Sometimes you just need an old-fashioned story and a master storyteller to write a good book. That is the case with “The Reckoning: A Novel” (Doubleday, New York, 2018, 420 pages), the new book from John Grisham, the master of the courtroom thriller and author of 1989’s “A Time to Kill,” among many, many others.
“The Reckoning” is Grisham’s 33rd novel and it represents the melding of his more old-fashioned writing instincts and his more recently developed stylistic choices.
It is set in the unified universe of all Grisham books, more specifically in the fictional Ford County, Mississippi. In 1946, wealthy farmer and war hero Pete Banning walked into the parsonage and shot dead the pastor Dexter Bell. Even after his arrest, he refused to give any reason for his actions. Despite the pleas of his family and the best efforts of his efforts, Banning kept his silence throughout the trial. He was executed by electric chair.
This would usually already be the entire story in other novels. In “The Reckoning,” it’s only the first third.
The mystery behind the Bell killing is what drives “The Reckoning,” and what leads the reader through the book. This inevitably leads to Banning’s experiences as a prisoner of war and guerilla during World War II.
That’s why a substantial portion of “The Reckoning” is set in the Philippines. After Banning’s death, Grisham begins a lengthy flashback that shows how Banning wound up in the Philippines fighting the Japanese. After the surrender of the United States and Filipino forces at Bataan, Banning survives—barely—the notorious Bataan Death March and escapes into the hills to become a guerilla until the war’s end; throughout this, his family and neighbors think he is dead as the US military states he is missing in action.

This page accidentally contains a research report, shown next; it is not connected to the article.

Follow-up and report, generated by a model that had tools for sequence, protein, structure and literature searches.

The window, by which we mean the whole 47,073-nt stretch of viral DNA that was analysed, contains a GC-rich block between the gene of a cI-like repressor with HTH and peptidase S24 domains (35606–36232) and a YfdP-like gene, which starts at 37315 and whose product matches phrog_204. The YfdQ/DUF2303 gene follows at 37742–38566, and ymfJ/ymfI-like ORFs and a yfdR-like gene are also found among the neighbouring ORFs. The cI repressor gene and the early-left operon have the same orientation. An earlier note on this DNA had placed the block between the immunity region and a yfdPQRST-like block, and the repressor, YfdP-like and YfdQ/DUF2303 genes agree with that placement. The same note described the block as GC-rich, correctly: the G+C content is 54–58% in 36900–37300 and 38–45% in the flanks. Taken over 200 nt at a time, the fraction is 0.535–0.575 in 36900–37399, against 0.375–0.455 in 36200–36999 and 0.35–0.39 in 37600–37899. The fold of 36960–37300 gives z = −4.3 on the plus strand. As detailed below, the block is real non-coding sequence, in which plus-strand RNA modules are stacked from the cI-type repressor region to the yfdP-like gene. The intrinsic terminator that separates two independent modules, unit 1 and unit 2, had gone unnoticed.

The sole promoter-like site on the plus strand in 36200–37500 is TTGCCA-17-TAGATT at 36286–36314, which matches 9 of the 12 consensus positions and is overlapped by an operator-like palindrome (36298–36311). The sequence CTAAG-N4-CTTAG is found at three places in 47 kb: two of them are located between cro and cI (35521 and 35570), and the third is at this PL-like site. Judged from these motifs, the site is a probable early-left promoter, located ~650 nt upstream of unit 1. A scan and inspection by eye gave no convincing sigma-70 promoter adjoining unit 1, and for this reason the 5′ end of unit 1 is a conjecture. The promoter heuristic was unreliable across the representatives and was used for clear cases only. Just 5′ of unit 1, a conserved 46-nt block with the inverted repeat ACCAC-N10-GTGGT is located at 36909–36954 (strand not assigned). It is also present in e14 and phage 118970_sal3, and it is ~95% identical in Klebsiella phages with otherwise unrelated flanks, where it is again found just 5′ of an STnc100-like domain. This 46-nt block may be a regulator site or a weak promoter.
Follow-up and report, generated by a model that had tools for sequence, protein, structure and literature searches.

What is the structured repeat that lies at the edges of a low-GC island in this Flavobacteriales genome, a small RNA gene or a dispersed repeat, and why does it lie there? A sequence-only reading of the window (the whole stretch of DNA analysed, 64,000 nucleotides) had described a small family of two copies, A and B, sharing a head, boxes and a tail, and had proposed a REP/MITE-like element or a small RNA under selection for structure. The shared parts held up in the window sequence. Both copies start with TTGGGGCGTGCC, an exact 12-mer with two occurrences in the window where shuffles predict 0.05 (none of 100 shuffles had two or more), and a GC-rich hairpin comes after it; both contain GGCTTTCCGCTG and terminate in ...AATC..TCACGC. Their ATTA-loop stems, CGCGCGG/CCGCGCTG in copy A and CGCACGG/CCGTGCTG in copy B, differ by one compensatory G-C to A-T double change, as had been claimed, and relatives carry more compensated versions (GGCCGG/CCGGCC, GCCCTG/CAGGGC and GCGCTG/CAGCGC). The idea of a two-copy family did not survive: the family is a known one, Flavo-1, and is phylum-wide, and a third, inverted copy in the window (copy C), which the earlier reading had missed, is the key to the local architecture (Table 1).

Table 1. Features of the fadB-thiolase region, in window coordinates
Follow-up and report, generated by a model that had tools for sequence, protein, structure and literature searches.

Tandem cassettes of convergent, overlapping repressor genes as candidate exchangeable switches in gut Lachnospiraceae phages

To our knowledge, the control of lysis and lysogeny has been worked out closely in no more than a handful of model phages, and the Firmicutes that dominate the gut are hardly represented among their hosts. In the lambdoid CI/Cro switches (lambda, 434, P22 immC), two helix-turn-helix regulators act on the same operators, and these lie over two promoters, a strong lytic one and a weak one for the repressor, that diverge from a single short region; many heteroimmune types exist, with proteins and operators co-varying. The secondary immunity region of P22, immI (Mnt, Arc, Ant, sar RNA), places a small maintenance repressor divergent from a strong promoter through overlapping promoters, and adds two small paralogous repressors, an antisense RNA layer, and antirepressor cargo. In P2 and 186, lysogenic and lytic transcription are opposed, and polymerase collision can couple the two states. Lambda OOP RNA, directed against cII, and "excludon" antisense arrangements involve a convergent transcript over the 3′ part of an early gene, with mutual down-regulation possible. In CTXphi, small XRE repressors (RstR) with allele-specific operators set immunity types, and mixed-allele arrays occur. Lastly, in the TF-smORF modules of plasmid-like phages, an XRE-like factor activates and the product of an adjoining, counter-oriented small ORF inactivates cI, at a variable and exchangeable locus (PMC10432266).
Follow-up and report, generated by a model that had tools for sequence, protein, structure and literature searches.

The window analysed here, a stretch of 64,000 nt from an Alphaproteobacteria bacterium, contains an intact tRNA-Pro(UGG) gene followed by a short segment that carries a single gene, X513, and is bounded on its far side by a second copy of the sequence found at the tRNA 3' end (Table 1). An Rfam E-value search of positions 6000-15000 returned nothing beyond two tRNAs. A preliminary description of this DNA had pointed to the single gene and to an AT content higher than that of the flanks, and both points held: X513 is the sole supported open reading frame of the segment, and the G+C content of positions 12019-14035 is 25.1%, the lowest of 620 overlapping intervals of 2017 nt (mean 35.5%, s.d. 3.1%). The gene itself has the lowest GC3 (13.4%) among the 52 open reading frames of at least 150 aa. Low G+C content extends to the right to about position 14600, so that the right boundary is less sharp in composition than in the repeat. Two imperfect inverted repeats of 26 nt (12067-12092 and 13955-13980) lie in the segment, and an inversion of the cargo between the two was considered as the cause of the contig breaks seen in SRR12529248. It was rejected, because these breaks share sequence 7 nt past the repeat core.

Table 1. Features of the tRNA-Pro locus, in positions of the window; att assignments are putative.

While Filipino readers are all too familiar with the grisly details of the Bataan Death March, Grisham brings awful life to these stories by staging them through Banning’s eyes. Bolstered by research, he writes about these sequences with confidence and Banning’s war experiences become a tonally different part of “The Reckoning.” It’s a surprisingly substantial part of “The Reckoning,” and an interesting divergence for him.
These wartime horrors alternate with recollections of Banning’s life right before the killing of Bell, so it does take a while before the reader, scarred and scared, finally gets to the answer they’ve been looking for—why did Banning kill the pastor?
The last third of “The Reckoning” shifts back to the aftermath of Banning’s death with courtroom scenes and surprisingly vivid discussions of criminal liability and probate law. Yet even here, it should be noted that only a small part of the book really happens in Grisham’s usual haunt, the courtroom.
Grisham does some great character work here, providing lush portraits, in particular, of the bedeviled Banning family: stoic Pete, his institutionalized wife Liza, eccentric sister Florry, smart son Joel and sensitive daughter Stella. These characters feel real and readers will learn to care for them.
If there’s one thing Grisham has gotten really good at lately, it’s surprising his readers at the end. You can tell the ending is coming, you just won’t expect what that ending is. It essentially takes a deathbed confession of sorts to bring a close to the Banning mystery, but what a whopper that revelation is, sad and shocking at the same time.
“The Reckoning” is an old-fashioned story told with some very modern twists by a great storyteller. With this novel, John Grisham continues to prove that he is a fine writer, whether the book’s scenes are set in a courtroom or not.